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"BEETHOVEN SHREDS" CD!
'Beethoven Shreds' review
The album "Beethoven Shreds" from The Great Kat
February 7, 2014
We gave you our
opinion of the “Beethoven's Guitar Shred” DVD released by
The Great Kat, but now let's focus on just the music for the CD
“Beethoven Shreds” featuring the same music selections.
View all 19 photos
“The Flight of the Bubble-Bee” is already a fast-paced piece by Nikolai
Rimsky-Korsakov. To increase the speed requires absolute technical skill
and passion. You can truly picture swarming bees.
Beethoven's "Fifth Symphony” is complicated to master. It's synchronized
instruments with impeccable timing. To deconstruct it to solo shredding
must have been difficult and she does it beautifully.
"Torture Techniques" is a Great Kat original and you hear her scream the
lyrics with Domme fervor.
Bach's “Brandenburg Concerto #3” gives us a picture of what royal people
and the high lords and ladies of his time might have enjoyed for music.
The Great Kat converts it to something fit for more modern tastes and
"Islamofascists" uses simple lyrics with dynamic guitar shreds for a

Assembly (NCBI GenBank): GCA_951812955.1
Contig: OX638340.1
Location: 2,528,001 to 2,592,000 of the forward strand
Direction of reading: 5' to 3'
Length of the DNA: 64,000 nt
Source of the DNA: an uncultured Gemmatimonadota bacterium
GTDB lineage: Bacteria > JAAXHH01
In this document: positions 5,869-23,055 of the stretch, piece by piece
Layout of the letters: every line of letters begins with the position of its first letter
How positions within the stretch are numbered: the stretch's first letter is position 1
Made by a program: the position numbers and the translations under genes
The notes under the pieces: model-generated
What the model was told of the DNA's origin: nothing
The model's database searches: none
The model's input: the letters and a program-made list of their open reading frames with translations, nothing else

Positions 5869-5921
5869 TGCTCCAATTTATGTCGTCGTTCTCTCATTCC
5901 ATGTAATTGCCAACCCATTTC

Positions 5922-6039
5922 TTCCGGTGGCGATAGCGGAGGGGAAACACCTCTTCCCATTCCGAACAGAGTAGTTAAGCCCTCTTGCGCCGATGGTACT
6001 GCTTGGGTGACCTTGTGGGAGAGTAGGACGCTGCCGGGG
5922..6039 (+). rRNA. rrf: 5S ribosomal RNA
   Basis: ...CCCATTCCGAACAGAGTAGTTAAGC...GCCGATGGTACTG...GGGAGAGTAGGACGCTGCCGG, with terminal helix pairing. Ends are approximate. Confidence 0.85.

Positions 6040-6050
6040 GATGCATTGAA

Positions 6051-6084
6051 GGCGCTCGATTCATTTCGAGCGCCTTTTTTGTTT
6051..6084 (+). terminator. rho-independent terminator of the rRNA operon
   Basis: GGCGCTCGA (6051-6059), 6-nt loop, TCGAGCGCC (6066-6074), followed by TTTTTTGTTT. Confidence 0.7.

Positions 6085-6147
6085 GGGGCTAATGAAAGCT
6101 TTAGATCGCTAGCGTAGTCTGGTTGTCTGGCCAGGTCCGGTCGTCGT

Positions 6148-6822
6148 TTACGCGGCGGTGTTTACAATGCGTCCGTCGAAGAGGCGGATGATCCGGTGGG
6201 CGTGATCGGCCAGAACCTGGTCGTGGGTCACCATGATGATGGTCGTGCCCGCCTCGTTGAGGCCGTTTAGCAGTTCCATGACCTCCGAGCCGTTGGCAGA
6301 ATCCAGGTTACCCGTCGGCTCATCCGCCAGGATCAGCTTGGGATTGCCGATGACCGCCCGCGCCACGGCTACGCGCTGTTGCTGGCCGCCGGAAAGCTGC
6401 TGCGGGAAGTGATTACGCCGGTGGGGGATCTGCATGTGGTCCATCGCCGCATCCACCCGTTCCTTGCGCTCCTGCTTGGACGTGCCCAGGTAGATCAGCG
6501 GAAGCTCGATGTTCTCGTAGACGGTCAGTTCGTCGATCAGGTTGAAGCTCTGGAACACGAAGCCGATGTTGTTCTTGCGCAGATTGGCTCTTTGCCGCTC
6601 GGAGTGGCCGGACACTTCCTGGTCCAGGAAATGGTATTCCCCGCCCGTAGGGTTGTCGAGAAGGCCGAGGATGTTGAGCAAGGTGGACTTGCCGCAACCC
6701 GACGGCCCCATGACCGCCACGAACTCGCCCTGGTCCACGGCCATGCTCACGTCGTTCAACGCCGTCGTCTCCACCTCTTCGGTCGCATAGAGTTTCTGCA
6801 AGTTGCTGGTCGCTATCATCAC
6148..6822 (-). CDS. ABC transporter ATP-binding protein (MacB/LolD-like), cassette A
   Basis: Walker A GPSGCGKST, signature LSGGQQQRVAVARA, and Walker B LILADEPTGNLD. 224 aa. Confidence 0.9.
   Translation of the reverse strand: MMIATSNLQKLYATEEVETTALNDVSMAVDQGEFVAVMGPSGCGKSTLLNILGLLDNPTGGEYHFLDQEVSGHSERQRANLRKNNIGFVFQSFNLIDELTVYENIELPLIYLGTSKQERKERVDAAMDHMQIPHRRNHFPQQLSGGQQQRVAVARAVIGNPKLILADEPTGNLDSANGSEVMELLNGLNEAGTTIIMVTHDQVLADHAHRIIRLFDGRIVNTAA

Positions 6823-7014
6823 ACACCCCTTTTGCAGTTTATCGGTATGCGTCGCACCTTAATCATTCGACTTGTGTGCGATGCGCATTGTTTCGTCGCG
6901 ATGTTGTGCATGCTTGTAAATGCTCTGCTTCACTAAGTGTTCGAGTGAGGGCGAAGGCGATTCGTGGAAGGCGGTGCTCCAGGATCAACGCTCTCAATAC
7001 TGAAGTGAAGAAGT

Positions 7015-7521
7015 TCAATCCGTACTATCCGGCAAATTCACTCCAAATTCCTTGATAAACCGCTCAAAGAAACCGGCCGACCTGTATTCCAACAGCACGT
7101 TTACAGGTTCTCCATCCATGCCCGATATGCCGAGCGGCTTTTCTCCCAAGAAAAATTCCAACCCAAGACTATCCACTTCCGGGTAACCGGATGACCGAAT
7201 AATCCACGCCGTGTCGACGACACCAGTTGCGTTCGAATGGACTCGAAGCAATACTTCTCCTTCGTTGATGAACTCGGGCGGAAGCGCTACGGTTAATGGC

pairing of contrasts.
Bach's “Art of the Fugue” is a lengthy work featuring 14 fugues and 4
canons. The Great Kat compresses it into a mere 32 seconds for her
interpretation of 2 harpsichords and a band.
As for "Paginini's "Caprice #24" Wikipedia says that it:
"is widely considered one of the most difficult pieces ever written for
the solo violin. It requires many highly advanced techniques such as
parallel octaves and rapid shifting covering many intervals, extremely
fast scales and arpeggios including minor scales in thirds and tenths,
left hand pizzicato, high positions, and quick string crossing.”
Nevertheless, many musicians have seen fit to adapt the piece, including
The Great Kat.
Interesting to note from the Houston Press:
"RO: Why aren't there more Beethoven pieces on your CD? Bach Shreds
would've been more accurate."
"TGK: Wake up! Just one Beethoven masterpiece is enough to send you
soaring into the universe with virtuosic, brilliant, powerful
complexity. Bach is brilliant, but Beethoven rules."
The songs may be short, but they pack a lot of punch at 300 BPM. The
album will have you researching the original works and comparing them to
her versions, thus educating the next generation of music connoisseurs.
You can purchase the CD or preview the songs on
Amazon and for more information about the musician, visit
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